The External Tax Strategy of the EU in a Post-BEPS Environment
The book examines the configuration of the EUs external tax policy, commenting on where it should be reconsidered and on specific situations of select trading partners.
Why this book?
Recent developments in tax policy within the European Union and at the international level (i.e. BEPS Actions and the BEPS implementation process) have made it relevant to analyse how the European Union interacts in tax terms with other relevant international tax actors (i.e. the OECD and third countries). The European Union has tried to define its own standards of good tax governance, which are not completely equal to those of the OECD, and is trying to export those standards to third countries. Like its internal tax policy, the external policy is more inclined to protect Member States’ tax bases and their competitive position than to promote single or free market values, which may contradict some of the free trade and fundamental goals the European Union sought to protect. In this field, recent developments in the case law of the Court of Justice of the European Union also need to be taken into account and may exert a very relevant influence on the formulation of the external tax policy, up to the point at which a change in direction may be needed.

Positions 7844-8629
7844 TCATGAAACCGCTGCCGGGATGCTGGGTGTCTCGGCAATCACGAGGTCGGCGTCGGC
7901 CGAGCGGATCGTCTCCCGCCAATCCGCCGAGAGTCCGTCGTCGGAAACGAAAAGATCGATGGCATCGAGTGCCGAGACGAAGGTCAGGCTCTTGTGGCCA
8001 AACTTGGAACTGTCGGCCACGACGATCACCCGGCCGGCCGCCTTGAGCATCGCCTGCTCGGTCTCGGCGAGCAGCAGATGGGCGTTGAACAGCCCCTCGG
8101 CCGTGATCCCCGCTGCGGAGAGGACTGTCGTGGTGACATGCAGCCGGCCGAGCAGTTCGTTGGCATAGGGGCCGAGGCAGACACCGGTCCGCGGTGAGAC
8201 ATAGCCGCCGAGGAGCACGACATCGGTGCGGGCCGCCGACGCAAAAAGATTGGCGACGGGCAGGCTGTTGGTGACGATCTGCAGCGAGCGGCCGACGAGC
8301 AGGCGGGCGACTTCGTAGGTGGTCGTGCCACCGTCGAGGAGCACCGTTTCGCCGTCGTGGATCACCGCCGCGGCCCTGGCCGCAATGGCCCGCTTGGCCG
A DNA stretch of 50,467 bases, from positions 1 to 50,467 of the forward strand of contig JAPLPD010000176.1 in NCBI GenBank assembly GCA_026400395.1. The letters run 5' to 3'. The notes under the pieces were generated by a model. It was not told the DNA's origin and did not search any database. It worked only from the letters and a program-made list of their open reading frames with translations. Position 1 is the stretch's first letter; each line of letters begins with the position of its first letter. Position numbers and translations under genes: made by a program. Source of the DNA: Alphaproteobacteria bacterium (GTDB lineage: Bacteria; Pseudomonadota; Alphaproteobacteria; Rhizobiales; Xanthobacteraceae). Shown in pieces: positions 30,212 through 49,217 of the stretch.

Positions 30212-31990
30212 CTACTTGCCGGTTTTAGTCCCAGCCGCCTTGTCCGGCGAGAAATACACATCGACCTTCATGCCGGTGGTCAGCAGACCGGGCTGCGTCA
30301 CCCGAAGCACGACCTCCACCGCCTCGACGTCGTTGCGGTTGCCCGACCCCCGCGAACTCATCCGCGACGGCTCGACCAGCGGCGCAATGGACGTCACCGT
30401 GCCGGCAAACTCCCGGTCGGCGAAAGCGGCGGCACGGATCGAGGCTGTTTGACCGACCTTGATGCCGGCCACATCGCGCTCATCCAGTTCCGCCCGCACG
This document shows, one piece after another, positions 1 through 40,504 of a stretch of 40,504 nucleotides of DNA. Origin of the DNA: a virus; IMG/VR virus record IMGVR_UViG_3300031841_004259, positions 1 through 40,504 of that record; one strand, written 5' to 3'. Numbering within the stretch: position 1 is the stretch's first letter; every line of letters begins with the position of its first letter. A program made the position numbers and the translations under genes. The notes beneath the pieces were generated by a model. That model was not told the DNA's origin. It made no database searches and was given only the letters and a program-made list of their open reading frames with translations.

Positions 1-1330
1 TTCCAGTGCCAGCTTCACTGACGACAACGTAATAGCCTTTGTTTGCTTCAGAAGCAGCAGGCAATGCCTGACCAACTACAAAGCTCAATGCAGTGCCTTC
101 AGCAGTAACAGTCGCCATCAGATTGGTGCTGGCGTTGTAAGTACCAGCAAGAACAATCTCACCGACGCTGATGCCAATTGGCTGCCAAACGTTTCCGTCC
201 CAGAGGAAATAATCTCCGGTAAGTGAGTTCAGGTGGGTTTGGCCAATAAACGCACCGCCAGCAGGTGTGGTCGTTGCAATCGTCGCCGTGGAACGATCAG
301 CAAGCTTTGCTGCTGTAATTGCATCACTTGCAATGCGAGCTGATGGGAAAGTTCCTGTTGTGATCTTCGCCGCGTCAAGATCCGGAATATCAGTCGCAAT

Within this context, the book explores the configuration of the external tax policy of the European Union, including (i) what the differences or similarities are with international standards already defined at the international level; (ii) where there may be problems in terms of interaction with those standards or with EU law principles; and even (iii) whether the European Union is behaving in a protectionist manner in tax terms. It also offers input on areas in which the external tax policy of the European Union should be reconsidered, as well as on the specific situations of some of its main trading partners (e.g. the United Kingdom and the Brexit process or the United States in the context of its tax reform).
This publication seeks to stimulate debate among scholars, policymakers, practitioners and politicians from the European Union and third countries in a field that still needs further debate and a solid reconsideration of its foundations.
This book is part of the GREIT series
Paolo Arginelli, Cécile Brokelind, Francesco Bungaro, Pedro Cruz Villalón, Alejandro del Valle Galvez, Marco Federici, Ricardo García Antón, Ubaldo Gonzalez de Frutos, Werner Haslehner, Ivan Lazarov, Richard Lyal, Adolfo Martín Jiménez, Pasquale Pistone, Franco Roccatagliata, Paloma Schwarz, Servaas van Thiel, Frans Vanistendael, Peter J. Wattel.